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Pacific trade pact gains, but friction remains

U.S. Secretary of State Hillary Clinton, right, talks with Australian Foreign Minister Kevin Rudd during a dinner with APEC ministers at the Asia-Pacific Economic Cooperation summit Thursday, Nov. 10, 2011, in Honolulu. U.S. Secretary of State Hillary Clinton, right, talks with Australian Foreign Minister Kevin Rudd during a dinner with APEC ministers at the Asia-Pacific Economic Cooperation summit Thursday, Nov. 10, 2011, in Honolulu. (AP Photo/Andres Leighton)
By Elaine Kurtenbach
AP Business Writer / November 12, 2011

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HONOLULU—Moves toward a Pacific free trade zone gained momentum Saturday, though friction over the U.S.-backed initiative were apparent, with China visibly cool to the idea.

President Barack Obama, flanked by leaders of eight other nations involved in negotiations on setting up the trading bloc, dubbed the Trans-Pacific Partnership, said he was optimistic the group could set a legal framework by next year.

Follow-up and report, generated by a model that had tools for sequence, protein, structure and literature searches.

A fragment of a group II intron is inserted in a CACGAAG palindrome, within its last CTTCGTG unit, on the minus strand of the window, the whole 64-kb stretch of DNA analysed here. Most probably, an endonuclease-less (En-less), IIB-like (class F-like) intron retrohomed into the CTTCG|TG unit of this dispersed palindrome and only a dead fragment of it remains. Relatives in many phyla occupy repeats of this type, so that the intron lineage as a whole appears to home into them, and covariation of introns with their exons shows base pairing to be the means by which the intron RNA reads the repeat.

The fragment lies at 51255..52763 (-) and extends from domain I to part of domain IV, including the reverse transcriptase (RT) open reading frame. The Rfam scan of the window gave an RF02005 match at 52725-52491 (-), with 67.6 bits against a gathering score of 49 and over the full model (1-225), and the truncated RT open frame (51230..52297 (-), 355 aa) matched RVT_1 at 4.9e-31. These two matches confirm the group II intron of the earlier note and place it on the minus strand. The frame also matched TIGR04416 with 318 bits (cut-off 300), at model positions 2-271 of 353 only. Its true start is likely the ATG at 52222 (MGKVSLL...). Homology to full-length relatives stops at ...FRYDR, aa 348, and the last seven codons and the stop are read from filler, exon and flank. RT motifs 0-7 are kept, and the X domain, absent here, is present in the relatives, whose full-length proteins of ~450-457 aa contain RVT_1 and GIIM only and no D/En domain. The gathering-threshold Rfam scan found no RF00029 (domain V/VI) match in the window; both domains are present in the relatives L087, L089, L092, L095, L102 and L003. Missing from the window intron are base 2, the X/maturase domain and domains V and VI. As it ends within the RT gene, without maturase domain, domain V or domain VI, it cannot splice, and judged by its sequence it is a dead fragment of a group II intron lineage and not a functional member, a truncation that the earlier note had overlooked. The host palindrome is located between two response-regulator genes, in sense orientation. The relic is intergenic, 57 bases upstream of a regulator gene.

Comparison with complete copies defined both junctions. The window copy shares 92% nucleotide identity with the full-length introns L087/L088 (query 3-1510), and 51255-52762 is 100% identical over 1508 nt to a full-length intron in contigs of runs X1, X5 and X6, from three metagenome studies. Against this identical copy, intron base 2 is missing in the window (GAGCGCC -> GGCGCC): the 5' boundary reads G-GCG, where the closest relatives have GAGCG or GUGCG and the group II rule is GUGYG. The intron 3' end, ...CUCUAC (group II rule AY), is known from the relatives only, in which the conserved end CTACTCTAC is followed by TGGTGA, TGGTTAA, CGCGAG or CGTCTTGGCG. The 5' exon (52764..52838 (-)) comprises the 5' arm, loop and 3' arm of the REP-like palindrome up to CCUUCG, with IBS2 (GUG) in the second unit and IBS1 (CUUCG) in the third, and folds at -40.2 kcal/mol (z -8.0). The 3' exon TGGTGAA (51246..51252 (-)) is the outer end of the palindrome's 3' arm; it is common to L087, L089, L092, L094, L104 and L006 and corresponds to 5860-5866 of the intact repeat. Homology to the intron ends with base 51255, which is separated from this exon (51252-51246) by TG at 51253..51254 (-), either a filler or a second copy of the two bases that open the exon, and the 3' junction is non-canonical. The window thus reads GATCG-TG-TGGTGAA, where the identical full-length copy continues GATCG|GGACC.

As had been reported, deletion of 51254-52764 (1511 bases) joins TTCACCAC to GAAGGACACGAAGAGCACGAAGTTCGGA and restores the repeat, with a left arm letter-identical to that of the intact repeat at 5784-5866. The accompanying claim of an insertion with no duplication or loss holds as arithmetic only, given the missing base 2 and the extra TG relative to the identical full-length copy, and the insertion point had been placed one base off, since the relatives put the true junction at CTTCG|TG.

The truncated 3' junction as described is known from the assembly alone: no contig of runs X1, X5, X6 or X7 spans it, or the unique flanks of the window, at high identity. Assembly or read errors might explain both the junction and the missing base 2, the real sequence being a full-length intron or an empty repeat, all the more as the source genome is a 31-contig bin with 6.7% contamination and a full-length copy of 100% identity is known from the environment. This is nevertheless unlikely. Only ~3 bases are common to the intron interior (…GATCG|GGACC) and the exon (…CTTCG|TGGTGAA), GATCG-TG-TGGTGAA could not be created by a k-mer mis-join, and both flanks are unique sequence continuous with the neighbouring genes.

"It is an ambitious goal, but we are optimistic that we can get it done," he said on the sidelines of an annual Asia-Pacific Economic Cooperation summit.

By progressively removing barriers and bottlenecks that slow trade and business, APEC members hope to give their economies a significant boost over the longer-term. At the same time they are working toward a broader agreement, countries are still forging separate free-trade deals, aiming to re-energize growth at a time when the world economy most needs dynamism in the Asia-Pacific region to offset the malaise spreading from crisis-stricken Europe.

All 21 members of APEC have committed to the eventual goal of forging a regionwide free-trade zone. The so-called TPP is billed as a "building block" of that ambition, but other, rival arrangements have already emerged.

The current membership of the Pacific trade pact includes only Chile, New Zealand, Brunei and Singapore. The U.S., Australia, Malaysia, Vietnam and Peru are negotiating to join, and Japan announced Friday that it intends to participate.